Facebook forced its users to download its chat app Messenger as it did not allow them to chat on mobile devices through the main app. However, now users have a good reason to stick to the app as the company has been planning to turn it into a mobile hub for several purposes other than chatting. And now it appears that in the future, the social media firm might allow shopping through the app from brick and mortar stores, claims The Information.
Following Asian rivals
The software code for Facebook’s chat app Messenger contained evidence of the company’s potential plans. The code also included directions for users to “pay directly in Messenger when you pick up the item in a store with no cash needed,” the report stated. This means that retailers could allow shoppers to buy products from within the app.
Warren Buffett’s Annual Letter: Mistakes, Buybacks and Apple
Warren Buffett published his annual letter to shareholders over the weekend. The annual update, which has become one of the largest events in the calendar for value investors, provided Buffett's views on one of the most turbulent and extraordinary years for the financial markets in recent memory. Q4 2020 hedge fund letters, conferences and more Read More
Several retailers, including Everlane and Zulily, already use Messenger to handle customer service around orders. However, they are not allowing customers to make payments for actual purchases as of now. Reports claim that Facebook is also making attempts to get more retailers to use Messenger as a mode of communication with shoppers.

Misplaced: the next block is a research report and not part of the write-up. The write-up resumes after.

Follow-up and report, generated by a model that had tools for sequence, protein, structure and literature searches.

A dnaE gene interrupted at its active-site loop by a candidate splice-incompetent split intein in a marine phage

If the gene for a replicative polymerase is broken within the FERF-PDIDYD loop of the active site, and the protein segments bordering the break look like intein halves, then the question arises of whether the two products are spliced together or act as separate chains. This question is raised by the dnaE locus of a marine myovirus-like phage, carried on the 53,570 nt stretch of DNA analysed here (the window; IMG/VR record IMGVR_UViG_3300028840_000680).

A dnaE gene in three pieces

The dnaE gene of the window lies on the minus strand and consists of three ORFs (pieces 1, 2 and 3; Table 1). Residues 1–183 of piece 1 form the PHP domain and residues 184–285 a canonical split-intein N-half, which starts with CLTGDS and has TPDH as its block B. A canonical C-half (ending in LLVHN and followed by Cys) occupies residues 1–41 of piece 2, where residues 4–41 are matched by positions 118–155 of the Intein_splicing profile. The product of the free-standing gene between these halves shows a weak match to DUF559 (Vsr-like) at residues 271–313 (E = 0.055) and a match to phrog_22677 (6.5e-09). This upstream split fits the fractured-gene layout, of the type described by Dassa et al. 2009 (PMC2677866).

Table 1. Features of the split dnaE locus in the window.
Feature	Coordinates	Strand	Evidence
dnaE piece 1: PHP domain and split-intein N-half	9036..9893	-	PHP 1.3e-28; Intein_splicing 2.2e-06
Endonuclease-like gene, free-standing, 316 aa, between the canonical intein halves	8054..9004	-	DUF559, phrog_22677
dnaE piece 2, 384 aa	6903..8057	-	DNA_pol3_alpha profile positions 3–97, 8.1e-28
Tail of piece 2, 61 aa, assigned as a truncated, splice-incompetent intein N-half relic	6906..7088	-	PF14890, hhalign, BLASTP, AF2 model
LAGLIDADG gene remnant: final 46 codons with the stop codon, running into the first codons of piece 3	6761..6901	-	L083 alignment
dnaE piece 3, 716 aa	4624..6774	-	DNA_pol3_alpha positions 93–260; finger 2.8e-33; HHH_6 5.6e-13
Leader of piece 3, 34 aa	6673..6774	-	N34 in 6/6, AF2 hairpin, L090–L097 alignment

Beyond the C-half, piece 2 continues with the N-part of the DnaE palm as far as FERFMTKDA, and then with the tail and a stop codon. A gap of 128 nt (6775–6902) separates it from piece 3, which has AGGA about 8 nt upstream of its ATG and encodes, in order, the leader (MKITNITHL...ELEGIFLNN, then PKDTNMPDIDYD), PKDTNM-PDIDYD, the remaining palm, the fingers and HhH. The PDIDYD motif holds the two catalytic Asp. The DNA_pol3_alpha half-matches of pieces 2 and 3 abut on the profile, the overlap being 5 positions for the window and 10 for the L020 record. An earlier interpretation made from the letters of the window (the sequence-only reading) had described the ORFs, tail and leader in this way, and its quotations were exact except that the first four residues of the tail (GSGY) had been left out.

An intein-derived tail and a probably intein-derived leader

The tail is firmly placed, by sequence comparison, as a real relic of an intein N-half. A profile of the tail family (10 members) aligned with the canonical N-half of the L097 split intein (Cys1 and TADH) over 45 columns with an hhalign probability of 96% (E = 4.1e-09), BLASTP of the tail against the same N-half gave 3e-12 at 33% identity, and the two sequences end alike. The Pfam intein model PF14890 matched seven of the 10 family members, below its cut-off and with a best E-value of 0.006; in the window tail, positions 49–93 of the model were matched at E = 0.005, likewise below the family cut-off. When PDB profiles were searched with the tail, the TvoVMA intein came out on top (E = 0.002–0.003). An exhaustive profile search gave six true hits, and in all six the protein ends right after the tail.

Facebook appears to be following in the footsteps of popular Asian messaging apps like Tencent-owned WeChat, using which customers in China are able to buy items, order rides and transfer money to their friends on Facebook.
Facebook Messenger: a lot more than a chat app
Facebook Messenger, which is being used by 800 million users around the world, is currently experimenting with chat bots, which are software programs that communicate with users in a similar manner as humans do and answer their questions. Users can receive help from these automated bots regarding shopping and booking services like restaurant reservations and travel. Facebook users are also allowed to order Uber and Lyft rides from the app by tapping.
Previously, CEO Mark Zuckerberg denied reports that the company was aiming at making money from the transactions but admitted that commerce in the app will allow them to sell advertising. Reportedly, the social networking giant also plans to start slipping ads in messages between users and businesses by the end of June.